Photo credit: Penn State University

The phrase “search for antimatter” is enveloped in an infinite impossibility. Its meaning, the very idea, is akin to looking for the unknown, as these negative particles have been considered hard to prove—if not completely nonexistent—by many scientists in the past. And when we say scientists, we are talking about Galileo, Newton, and Einstein—the greats, that is.

In the late 20s, British physicist Paul Dirac has shattered these modern greats’ theory on these negative particles’ nonexistence, let alone encouraged many scientists and astrophysicists to continue their research on their actuality, which carried on until today.

Almost seven years ago, in 2008, through a Congressional Act, NASA launched a space exploration that aimed to look for antimatter galaxies. It was the birth of Alpha Magnetic Spectrometer (AMS), a device capable of sensing distant galaxies.

“For the first time, AMS will measure very high-energy cosmic rays very accurately,” explained Nobel laureate Samuel Ting, a physicist at the Massachusetts Institute of Technology. AMS, Ting explained, is designed to detect strangelets, a theoretical form of ultra-massive antimatter for its strange quarks. It is also the American version of Geneva’s CERN, a European organization of nuclear scientists that uses a magnetic field-utilizing machine to look for the unknown, specifically antimatters.


Just recently Thunder Energies Corporation (OTCQB: TNRG), a private firm known for its revolutionary contribution to the technological world through its fossil fuel-combustion technology and nuclear instruments, announced that it has successfully developed a telescope that could detect—i.e. not only prove through an equation—that antimatters do exist.

The Santilli Telescope, a groundbreaking optical instrument that both uses and eschews the basic principles of the Galileo Telescope, is the first machine for space exploration that has successfully proven that these elusive cosmic negative particles are indeed present and could be seen by the naked eye.


“In searching for antimatter galaxies, it is of importance to note that when in contact, matter and antimatter annihilate into light. Hence, all features for capturing matter are reversed for capturing antimatter, including the index of refraction which is positive for matter-light, thus requiring a convex lens to focus images, but expected to be negative for antimatter-light, thus requiring a concave lens to focus images,” Dr Ruggero Maria Santilli, the man behind the invention, explained.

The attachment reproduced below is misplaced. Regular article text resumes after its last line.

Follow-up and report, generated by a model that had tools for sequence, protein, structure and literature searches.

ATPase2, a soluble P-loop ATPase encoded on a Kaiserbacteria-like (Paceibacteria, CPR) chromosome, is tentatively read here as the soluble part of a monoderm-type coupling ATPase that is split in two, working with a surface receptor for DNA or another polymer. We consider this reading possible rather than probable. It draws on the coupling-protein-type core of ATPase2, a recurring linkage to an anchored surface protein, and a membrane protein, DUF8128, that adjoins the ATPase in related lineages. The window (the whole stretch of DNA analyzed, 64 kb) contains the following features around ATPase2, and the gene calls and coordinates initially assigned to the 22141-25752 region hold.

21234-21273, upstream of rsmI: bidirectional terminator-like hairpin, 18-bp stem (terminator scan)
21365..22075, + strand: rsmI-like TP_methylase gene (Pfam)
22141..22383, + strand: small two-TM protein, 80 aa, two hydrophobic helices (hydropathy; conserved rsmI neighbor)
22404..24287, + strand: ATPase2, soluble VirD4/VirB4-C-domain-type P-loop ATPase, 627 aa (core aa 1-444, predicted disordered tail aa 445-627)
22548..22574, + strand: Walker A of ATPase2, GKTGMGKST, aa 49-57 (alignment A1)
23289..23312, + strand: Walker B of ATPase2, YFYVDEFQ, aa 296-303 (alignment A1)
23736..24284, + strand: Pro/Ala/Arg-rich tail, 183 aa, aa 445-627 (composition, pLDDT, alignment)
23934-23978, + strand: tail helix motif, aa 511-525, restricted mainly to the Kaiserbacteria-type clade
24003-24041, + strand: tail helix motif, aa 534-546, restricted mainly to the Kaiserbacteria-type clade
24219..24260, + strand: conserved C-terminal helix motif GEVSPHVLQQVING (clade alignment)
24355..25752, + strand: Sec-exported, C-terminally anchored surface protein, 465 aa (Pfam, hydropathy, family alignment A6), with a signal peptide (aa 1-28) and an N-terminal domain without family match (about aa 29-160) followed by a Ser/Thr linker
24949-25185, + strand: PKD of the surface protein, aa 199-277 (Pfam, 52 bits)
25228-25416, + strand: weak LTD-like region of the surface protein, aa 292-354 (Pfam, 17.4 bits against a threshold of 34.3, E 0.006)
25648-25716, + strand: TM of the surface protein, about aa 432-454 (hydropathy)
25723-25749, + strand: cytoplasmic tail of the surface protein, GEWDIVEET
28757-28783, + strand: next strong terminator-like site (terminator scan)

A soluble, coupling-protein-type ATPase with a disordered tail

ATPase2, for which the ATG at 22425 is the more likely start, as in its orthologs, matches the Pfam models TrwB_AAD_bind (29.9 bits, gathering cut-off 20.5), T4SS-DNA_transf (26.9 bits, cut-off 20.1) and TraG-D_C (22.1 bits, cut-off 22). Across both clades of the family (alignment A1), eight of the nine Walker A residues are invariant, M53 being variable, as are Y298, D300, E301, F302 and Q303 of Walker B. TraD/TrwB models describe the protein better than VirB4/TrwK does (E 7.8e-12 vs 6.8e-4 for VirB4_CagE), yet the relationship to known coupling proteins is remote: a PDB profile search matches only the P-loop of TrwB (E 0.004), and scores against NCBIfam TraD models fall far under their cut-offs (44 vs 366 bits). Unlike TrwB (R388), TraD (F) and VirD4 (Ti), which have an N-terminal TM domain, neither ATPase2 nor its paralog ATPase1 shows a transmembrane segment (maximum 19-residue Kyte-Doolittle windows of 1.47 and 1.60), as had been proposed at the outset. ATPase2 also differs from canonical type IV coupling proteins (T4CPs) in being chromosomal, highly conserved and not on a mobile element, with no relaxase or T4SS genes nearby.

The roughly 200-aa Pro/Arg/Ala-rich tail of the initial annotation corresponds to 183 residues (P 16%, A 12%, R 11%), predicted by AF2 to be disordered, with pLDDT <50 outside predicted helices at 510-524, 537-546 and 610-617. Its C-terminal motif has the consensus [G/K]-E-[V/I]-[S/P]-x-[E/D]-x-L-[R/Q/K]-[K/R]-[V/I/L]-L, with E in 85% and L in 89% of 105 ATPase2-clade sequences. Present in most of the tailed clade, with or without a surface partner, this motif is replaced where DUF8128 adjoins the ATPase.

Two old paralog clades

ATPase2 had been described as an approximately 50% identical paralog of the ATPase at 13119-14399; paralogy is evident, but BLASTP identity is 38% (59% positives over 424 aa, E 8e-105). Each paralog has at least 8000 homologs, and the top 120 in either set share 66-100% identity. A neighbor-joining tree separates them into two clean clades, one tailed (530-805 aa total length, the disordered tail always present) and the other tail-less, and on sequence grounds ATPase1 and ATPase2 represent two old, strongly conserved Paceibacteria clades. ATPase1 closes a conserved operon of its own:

According to Paris’s Sorbonne University Svetlin Georgiev, the Santilli telescope’s inception could radically change the entire antimatter-search landscape.

“The mathematical relevance of Professor Santilli’s detection of antimatter galaxies is that it confirms the validity of the new isodual mathematics based on a new form of the differential calculus.” With this, universes and galaxies near and far from our planet could be now discovered.


Tanmay Vachaspati, a revered scientist from Arizona State University, strongly believes that the universe is made up not only of positive-matter particles but also of negative ones. In 2001, he predicted that the universe was once composed of these two opposing but complementing matters after detecting helical—or screw-like—magnetic fields in space. With this, he seamlessly theorized that it was the left-handed magnetic fields that made antimatters almost absent in the universe, in a tangible sense, at least.

“Both the planet we live on and the star we orbit are made up of ‘normal’ matter. Although it features in many science fiction stories, antimatter seems to be incredibly rare in nature. With this new result, we have one of the first hints that we might be able to solve this mystery,” Vachaspati told Daily Galaxy.

Just recently, scientists at CERN successfully recreated the universe right after it came to being by letting lead nuclei and protons collide at their highest beam, which is at a temperature 100,000 times higher than what is present in the hottest area of the Sun.


“ALICE is attempting to find a difference by means of high-precision measurements of the properties of particles and their antiparticles which are produced in particle collisions at the LHC,” explained Dr. Torsten Dahms of TU Munich. Through this, he suggested, understanding how antimatters were obliterated in the presence of the universe could be explained, explored, and identified, as, according to his research team’s findings, “there is a fundamental symmetry between particles and antiparticles in our very own universe.”

So are we there yet? Perhaps it’s safe to say that we are on our way to finally seeing these elusive antimatter particles as a galaxy, and we are on the right track.

There are still lots of work to be done. But having been able to detect them, let alone pinpoint and understand their inner workings, is one thing we never expected to hear or experience at this point in time because we only see these things in films and books. This, alone, is impressive.